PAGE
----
Four years ago, Anam Siddiq was a new student at UC Irvine, nervous about what was in store, eager to make new friends and ready to pursue an education that would prepare her for a career.
Her first few days of school coincided with Ramadan, which requires a month of sunrise-to-sunset fasting for devout Muslims. Siddiq, an American born to Pakistani parents, found out about a group of students who put on an "Iftar," an evening ritual during Ramadan where fasting and non-fasting students broke the daily fast together.
That group was the Muslim Student Union, a bustling on-campus religious organization involved in religion, politics, education, volunteerism and social justice.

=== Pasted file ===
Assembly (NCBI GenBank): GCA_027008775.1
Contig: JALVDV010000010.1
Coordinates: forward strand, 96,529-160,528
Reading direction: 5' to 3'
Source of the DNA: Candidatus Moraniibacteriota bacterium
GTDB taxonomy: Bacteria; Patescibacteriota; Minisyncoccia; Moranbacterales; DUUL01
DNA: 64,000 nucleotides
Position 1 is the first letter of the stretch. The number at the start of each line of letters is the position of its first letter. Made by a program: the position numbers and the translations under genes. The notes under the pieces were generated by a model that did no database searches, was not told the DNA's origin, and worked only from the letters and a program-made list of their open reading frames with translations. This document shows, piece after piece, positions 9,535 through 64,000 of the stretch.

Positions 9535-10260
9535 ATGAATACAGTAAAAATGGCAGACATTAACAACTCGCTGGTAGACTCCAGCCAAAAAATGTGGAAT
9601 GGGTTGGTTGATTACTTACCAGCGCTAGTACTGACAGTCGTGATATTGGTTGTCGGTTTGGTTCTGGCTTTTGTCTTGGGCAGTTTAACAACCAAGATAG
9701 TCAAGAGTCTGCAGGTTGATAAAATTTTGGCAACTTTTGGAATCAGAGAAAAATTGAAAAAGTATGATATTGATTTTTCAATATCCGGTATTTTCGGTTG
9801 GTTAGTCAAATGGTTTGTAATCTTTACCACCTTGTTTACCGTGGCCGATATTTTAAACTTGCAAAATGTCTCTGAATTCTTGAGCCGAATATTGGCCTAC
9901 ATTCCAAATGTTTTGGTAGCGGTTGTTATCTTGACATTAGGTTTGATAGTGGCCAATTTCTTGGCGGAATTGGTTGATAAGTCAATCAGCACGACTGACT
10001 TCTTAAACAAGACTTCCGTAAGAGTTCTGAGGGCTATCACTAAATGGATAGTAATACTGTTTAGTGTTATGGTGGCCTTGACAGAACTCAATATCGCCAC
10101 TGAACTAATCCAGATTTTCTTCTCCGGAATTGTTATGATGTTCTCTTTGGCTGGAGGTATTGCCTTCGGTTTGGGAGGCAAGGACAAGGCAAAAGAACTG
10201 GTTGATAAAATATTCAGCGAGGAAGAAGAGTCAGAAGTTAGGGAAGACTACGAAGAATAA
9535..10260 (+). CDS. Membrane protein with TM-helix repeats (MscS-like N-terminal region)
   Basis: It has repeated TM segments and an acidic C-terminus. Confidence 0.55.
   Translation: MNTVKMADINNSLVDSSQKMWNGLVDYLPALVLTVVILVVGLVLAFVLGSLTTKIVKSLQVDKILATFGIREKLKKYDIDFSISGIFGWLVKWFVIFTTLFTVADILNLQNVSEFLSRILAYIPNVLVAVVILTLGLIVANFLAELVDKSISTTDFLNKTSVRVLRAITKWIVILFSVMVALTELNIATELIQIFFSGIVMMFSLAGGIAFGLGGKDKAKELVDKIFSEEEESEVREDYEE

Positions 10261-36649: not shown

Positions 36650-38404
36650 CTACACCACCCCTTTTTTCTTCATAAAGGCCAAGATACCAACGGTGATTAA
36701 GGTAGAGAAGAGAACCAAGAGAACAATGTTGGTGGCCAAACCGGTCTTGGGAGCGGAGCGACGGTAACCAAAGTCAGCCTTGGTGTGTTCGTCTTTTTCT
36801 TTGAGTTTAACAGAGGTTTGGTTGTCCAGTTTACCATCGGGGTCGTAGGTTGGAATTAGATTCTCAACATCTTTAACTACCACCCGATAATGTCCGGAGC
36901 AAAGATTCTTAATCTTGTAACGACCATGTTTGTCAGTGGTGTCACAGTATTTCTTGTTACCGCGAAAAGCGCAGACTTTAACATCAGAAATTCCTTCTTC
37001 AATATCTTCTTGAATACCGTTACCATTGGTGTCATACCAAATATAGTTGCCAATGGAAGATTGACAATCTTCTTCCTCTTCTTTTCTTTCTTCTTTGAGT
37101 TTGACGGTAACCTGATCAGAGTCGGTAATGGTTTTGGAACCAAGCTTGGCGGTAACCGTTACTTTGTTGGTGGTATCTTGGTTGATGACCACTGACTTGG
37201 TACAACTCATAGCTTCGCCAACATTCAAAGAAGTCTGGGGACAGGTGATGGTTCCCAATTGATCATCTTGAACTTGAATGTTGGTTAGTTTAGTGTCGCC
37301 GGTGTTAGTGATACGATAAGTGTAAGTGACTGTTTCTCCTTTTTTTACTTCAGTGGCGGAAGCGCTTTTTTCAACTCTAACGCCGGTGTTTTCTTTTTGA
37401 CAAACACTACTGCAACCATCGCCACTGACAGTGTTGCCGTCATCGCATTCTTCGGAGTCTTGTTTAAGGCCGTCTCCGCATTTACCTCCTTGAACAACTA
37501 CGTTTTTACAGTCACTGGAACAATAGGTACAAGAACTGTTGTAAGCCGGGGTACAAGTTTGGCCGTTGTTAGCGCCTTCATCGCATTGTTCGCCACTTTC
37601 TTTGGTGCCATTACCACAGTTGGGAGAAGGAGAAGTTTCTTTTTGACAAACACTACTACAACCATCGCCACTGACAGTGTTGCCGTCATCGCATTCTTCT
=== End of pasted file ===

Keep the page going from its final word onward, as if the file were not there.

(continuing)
"I was first a freshman, and it's where I formed a lot of the friendships that I still have today — through these breaking of the fasts," Siddiq said.
Siddiq now holds degrees in literary journalism and history. She graduated in June, and credits the MSU for enriching her experience at UCI and for helping her become a better person and Muslim.